The Organ Music and Musical Philosophy of Charles W. Ore   by Brent Nolte.  This document appeared in the March 2003 issue of The American Organist, pages 66-71.  The article was written by Brent Nolte in conjunction with the completion of his master's degree in organ performance at Central Michigan University, Mount Pleasant, Michigan. 


The Late Twentieth-Century American Organ Chorale; A Study of Five Composers by Lisa Browne.  This doctoral dissertation offers an analysis of the American Organ Chorale and places Dr. Ore's music in context with four other American Composers of the late twentieth-century.  This dissertation was written at Ohio State University Columbus, Ohio.


Numbers and number correspondences in Opus 40 by Arnold Schoenberg : Pythagoras and the Quadrivium Revisited by Charles Ore.  This doctoral dissertation offers a numerical analysis of Schoenberg's Variations on a Recitative for Organ.  It is Dr. Ore's thesis that the peculiarities of the score and Schoenberg's insistence that the printed edition conform in every detail to his manuscript were due to his use of number symbolism, to the fact that every note and every performance directive in the manuscript was created and placed to conform to an unstated numbering system of symbolic importance.  University of Nebraska Lincoln, Nebraska, 1986.   253 pages.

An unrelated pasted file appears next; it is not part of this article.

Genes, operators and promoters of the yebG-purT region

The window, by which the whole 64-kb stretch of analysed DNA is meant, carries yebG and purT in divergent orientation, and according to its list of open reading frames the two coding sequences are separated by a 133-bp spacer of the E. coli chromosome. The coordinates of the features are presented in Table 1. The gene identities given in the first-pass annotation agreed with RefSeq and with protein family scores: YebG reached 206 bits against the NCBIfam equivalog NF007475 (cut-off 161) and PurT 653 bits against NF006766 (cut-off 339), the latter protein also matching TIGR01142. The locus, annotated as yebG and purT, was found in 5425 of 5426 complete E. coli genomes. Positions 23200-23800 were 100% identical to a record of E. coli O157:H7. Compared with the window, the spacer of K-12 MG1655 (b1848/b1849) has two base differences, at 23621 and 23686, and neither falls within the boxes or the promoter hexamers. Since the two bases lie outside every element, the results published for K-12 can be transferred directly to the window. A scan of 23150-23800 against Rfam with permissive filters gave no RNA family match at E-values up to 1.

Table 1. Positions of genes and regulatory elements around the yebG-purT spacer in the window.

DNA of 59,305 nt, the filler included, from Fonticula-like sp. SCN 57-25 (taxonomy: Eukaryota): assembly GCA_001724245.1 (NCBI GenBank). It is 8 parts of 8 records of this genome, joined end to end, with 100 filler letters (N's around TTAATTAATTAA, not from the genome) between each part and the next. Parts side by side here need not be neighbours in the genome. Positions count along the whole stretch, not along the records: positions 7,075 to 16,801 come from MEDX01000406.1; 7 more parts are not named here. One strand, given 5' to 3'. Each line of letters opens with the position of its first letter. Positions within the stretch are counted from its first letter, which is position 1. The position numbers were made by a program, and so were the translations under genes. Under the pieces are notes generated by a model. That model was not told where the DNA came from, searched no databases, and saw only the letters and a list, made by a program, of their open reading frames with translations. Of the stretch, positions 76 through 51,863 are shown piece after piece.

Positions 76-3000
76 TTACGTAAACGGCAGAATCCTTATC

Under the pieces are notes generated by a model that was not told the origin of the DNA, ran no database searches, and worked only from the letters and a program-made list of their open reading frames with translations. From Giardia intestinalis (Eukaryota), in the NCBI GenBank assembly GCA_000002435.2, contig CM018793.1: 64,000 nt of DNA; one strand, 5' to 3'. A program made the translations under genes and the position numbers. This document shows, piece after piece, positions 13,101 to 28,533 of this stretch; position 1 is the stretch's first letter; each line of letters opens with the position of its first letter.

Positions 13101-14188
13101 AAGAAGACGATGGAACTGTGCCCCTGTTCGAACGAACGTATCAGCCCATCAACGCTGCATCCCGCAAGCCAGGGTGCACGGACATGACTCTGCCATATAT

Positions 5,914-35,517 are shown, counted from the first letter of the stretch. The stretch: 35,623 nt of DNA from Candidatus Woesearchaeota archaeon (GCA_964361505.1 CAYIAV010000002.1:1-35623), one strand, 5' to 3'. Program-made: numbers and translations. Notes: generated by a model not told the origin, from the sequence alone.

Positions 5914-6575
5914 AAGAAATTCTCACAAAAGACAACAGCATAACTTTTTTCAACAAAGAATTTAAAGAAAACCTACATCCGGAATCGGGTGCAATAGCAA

The Function and Development of the Pedal Clavier as related to Organ Literature and Organ Construction in Northern Europe from 1600 to 1750  by Charles Ore.  The Music evaluated was written during a time period which spanned from 1600 to 1750; the outside extremes represented by Sweelinck and Bach.  It would appear that the composers of the Baroque made their major contribution in the development of the pedal-clavier by establishing a recognizable pedal function, and by giving the pedal-voice a unique and individual quality.  Northwestern University Evanston, Illinois. 1968.  112 pages. 


Senior Seminar in Music by Ryan Winningham.  This paper compares and contrasts the life, work, and compositional process of Carl Schalk and Charles W. Ore that tries to shed light on an issue at the forefront of Church Music today:  the balance of restriction and freedom.  Hope College, Holland, Michigan, 2003.  20 pages.


This Is the Feast Richard Hillert at 80.  As a part of this Festschrift Dr. Ore writes on the topic Eternal Truths : Wrapped and Rewrapped, a conversation about training creative church musicians.  MorningStar, St. Louis, Missouri, 2204.  pp. 69-74.


Leading the Church's Song  edited by Robert Buckley Farlee: a variety of topics are developed by several contributing authors.   Dr. Ore address the topic Rhythmic Usage in 17th and 18th Century North European Hymnody.  Augsburg Fortress, Minneapolis, Minnesota. 1998, 162 pages.